My name is ***** ***** I am an experienced criminal
In order to stop a car in the first place, police need only an articulable suspicion -- something less than probable cause
but more than a hunch. In this particular case, driving a car without its front plates would give the police a legitimate reason to stop the car.
From there, an officer can ask the passenger to show his or her ID, make him or her exit the vehicle and pat him/her down for his safety. This has all been true since the US Supreme Court
decided Terry v. Ohio in the late 60's.
If in the course of all of this the officer develops probable cause -- a reasonable belief that a crime may have been committed and that your son may have committed it -- he can do a limited search of the vehicle, seize what is in plain view, for example. To do a full search of the vehicle, however, he needs a warrant or an exception to the warrant requirement.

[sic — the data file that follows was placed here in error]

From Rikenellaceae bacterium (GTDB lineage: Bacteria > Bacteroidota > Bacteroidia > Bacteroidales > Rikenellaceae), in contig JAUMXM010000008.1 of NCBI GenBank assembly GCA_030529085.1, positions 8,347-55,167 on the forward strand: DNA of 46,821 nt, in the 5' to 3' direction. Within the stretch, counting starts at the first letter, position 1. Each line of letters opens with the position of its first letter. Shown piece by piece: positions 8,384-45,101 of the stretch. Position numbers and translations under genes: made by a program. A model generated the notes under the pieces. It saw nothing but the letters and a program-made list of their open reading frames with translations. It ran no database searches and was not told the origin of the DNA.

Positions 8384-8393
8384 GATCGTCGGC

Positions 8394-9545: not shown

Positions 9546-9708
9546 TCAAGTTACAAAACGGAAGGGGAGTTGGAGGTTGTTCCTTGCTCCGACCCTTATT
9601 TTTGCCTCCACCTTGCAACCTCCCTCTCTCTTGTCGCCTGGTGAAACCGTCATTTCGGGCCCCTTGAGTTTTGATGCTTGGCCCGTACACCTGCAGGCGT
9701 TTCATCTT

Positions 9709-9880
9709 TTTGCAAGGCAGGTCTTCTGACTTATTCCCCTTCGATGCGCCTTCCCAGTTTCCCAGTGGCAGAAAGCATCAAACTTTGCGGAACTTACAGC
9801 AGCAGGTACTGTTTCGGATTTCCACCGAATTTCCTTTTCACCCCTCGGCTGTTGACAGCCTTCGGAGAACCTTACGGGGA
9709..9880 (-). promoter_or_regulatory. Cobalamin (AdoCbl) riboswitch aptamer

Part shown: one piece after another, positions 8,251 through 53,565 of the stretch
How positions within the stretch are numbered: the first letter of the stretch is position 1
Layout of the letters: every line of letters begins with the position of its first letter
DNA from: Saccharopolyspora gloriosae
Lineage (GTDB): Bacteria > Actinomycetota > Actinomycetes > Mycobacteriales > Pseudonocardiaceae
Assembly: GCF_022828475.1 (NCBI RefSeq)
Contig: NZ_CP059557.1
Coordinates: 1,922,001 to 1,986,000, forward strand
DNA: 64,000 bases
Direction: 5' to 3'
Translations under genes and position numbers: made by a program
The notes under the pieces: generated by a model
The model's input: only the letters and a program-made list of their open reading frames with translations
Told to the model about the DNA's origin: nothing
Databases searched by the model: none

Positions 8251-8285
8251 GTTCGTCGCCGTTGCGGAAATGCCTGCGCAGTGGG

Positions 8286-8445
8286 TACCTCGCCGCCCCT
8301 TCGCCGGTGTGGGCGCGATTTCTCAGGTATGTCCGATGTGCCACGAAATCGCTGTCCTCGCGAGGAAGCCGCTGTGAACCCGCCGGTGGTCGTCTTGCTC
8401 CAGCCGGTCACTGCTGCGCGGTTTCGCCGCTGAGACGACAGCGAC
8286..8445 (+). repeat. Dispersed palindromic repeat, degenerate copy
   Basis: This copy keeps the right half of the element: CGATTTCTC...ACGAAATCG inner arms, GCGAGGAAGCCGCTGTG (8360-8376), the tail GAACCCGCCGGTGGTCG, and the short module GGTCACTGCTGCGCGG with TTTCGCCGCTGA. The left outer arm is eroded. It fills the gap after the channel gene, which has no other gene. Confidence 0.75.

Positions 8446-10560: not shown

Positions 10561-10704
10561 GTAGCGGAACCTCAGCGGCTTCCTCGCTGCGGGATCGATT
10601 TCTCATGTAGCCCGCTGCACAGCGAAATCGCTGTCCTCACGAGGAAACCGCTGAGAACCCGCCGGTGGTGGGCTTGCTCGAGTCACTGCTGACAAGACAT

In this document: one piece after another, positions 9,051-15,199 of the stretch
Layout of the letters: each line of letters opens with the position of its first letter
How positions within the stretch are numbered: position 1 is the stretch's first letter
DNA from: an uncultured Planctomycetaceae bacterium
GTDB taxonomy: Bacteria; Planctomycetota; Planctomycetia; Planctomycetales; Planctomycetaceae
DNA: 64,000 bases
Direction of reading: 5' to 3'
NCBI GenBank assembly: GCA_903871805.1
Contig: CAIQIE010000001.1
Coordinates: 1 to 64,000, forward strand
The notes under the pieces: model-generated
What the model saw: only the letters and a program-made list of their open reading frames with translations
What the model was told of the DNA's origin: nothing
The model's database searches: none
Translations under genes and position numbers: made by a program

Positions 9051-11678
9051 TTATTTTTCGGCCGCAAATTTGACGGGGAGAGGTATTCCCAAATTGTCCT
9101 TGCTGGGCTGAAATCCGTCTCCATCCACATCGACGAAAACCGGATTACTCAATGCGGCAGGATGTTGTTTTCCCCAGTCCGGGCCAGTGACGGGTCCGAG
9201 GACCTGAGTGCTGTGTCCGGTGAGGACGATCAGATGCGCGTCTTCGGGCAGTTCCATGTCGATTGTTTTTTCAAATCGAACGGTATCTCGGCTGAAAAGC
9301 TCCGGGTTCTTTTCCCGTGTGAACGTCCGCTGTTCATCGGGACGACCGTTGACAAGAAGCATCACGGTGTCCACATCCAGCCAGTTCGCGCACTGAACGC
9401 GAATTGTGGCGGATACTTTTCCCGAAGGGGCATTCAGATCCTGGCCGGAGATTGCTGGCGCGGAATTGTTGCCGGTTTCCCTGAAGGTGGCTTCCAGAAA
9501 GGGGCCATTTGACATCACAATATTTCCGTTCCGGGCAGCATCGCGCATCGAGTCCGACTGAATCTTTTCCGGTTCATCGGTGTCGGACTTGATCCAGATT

Was your son arrested or cited for a criminal offense? You have not said. In what US state did this occur? What is the question that you want to ask about this situation?
With further information I will finish my answer. I cannot tell if the impound was lawful without hearing more from you, but the stop itself looks proper.